UPDATED: September 11, 2012 9:32 a.m.
Eleven years later, 9/11 survivors and victims' family members still need you. Children who lost parents rely on scholarship funds to pay for college. Memorial sites commemorate the tragedies and honor those who died with the help of donations. First responders grappling with catastrophic illnesses and injuries look to organizations to advocate on their behalf and ease their financial burdens.
Here's how you can help.
In the past 10 years, Tuesday's Children has provided emotional support to 3,000 children affected by terrorism. The organization that was founded to offer a haven for families who lost loved ones on September 11 has now evolved into helping anyone affected by terrorism around the world. Tuesday's Children provides a wide range of supportive programming, including mentoring for children ages 7 to 18, career shadow days and career planning workshops for students getting ready to graduate from college.
VOICES of September 11
We will never forget and VOICES of September 11 is part of the reason why. By providing information, support services and annual commemorative events for 9/11 families, rescue workers and survivors, the organization continues to commemorate the essence of that tragic day. VOICES also works to promote public policy reform on prevention, preparedness and response to terrorism.
New York Says Thank You Foundation
In an effort to thank communities that stepped in when New York needed them most, the New York Says Thank You Foundation galvanizes 9/11 responders, survivors and victims' family members to complete service projects in areas hit by tragedy. Since 2003, the organization has helped communities in need throughout the country. Volunteers built a facility in North Dakota that enables wounded warriors to ski. The Foundation rebuilt a barn ravaged by a tornado in Georgia so that kids with special needs can get animal-based therapy. After a tornado destroyed an Omaha Boys Scout camp where four boy died, the organization rebuilt it and erected a chapel in the kids' memory.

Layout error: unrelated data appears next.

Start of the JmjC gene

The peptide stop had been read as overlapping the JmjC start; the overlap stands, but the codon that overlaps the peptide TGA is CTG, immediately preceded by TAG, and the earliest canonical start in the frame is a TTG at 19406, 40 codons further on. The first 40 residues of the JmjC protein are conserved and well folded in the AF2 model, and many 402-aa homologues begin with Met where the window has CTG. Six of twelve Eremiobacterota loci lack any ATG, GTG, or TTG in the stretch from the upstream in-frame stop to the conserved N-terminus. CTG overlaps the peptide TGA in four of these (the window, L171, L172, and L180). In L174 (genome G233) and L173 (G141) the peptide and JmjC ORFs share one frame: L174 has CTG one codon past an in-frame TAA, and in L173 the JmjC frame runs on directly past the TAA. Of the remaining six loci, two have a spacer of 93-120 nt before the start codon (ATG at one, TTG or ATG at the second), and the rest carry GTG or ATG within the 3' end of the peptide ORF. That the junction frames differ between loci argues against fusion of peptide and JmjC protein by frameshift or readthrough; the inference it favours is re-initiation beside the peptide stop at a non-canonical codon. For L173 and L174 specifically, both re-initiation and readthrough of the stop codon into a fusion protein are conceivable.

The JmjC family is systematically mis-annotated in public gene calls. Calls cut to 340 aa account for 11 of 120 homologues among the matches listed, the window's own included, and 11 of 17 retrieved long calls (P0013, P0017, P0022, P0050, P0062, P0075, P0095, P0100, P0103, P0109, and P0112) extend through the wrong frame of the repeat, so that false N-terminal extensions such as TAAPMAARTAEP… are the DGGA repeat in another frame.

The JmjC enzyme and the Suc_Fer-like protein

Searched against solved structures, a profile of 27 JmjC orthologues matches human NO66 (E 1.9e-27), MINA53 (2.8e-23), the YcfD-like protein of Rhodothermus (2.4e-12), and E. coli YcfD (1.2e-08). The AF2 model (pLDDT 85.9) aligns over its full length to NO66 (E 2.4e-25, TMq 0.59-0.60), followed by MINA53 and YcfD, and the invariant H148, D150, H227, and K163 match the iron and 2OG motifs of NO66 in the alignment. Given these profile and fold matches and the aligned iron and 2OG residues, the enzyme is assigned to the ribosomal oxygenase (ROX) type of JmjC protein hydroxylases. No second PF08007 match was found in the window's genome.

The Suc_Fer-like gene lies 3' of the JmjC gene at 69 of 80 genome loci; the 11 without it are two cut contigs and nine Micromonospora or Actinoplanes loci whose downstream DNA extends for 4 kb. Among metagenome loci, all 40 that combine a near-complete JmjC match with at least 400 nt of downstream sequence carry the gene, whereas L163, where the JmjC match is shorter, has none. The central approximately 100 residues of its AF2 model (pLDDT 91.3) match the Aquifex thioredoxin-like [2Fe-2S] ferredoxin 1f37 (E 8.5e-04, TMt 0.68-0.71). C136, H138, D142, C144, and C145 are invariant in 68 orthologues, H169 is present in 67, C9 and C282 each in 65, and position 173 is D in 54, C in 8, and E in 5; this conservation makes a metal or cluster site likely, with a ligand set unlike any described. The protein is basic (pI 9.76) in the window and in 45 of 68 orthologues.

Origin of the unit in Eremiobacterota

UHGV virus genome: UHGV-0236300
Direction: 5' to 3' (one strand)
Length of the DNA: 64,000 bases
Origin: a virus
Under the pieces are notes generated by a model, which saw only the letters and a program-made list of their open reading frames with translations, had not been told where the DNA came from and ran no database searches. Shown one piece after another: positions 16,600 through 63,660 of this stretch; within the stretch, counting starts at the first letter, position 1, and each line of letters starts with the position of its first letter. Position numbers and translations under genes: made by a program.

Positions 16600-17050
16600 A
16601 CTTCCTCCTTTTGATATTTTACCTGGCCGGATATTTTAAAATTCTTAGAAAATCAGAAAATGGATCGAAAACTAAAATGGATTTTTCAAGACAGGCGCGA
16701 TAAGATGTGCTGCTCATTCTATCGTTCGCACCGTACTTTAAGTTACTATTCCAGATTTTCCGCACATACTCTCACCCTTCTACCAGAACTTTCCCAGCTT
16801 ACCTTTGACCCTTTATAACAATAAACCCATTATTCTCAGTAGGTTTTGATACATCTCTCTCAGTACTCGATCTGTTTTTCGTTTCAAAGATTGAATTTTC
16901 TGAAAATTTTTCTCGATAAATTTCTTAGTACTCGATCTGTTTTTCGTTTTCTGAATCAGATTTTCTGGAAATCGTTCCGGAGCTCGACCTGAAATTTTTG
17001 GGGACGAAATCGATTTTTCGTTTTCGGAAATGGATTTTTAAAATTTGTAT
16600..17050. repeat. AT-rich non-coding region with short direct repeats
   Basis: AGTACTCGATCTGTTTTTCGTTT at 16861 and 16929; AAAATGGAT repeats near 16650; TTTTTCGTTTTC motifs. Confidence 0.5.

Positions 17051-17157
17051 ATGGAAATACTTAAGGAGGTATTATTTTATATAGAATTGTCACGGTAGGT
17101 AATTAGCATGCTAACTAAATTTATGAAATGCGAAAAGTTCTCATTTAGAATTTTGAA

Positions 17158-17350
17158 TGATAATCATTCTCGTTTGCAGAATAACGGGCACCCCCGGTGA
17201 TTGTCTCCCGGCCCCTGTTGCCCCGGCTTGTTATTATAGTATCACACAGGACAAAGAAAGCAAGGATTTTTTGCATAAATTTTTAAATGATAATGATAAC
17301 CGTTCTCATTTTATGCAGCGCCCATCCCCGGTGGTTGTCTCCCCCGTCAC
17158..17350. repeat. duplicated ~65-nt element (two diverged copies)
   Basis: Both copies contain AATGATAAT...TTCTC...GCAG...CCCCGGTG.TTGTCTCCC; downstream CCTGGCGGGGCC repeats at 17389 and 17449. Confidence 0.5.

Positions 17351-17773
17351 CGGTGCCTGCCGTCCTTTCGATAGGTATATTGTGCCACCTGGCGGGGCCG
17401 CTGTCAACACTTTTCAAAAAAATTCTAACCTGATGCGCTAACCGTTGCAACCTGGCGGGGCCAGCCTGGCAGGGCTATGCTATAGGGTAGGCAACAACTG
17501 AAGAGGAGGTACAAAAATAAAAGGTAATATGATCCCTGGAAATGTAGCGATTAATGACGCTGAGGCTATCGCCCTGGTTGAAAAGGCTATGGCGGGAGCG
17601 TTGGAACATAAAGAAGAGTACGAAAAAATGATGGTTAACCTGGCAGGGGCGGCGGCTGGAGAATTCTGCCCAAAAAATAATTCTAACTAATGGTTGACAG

9/11 Memorial & Museum
In an effort to honor and educate, the 9/11 Memorial & Museum offers visitors a refuge to reflect and expansive exhibits that outline the details of how that tragic day unfolded. The names of the nearly 3,000 men, women and children whose lives were cut short by the 1993 and 2001 attacks are inscribed around the memorial pool and their profiles within the museum ensure that their legacies will live on.
As a way to channel grief into good deeds, Action America enables supporters to get involved with a cause or organization -- or many of them. Find a number of 9/11 organizations all in one place, including the Wounded Warrior Project, which helps returning injured soldiers and families; Tuesday's Children, which services families affected by 9/11; and the 9/11 Memorial, which honors those lost in the attacks. Action America also provides tools to create your own message and spread the word about how you're ensuring the world never forgets.
Michael Lynch Memorial Foundation
The organization named for fallen firefighter Michael Lynch, aims to empower children who lost relatives on September 11 by giving them educational grants to pursue higher education. In the last 10 years, the foundation has doled out 96 college scholarships, totaling more than $2.3 million.
Just two years after securing September 11 as a national day of service under federal law, 9/11 Day has geared up for the single largest day of charitable action in United States history on the tenth anniversary of the attacks. 9/11 Day continues to work to honor those who died by mobilizing Americans around volunteerism in their honor.
Home to many firefighters and financial service workers, the Rockaway peninsula in Queens lost more than 50 residents on September 11. In an effort to unite a community torn apart by tragedy, the Graybeards--a local basketball team--founded the eponymous charity to foster friendship and camaraderie. The area's first and largest 9/11 charity hosts social gatherings, charity events, supports locals battling cancer and donates to such critical causes as the Wounded Warrior Project.
While working at the Ground Zero recovery efforts, 8,000 pounds of steel crushed John Feal's foot. As he recovered, Feal decided he needed to help other responders who have suffered catastrophic injuries and illnesses. Established in 2005, the FealGood Foundation helps ease the financial burden of medical care and educates the public about the ailments these responders face.
This list of ways to help was originally published September 11, 2011.
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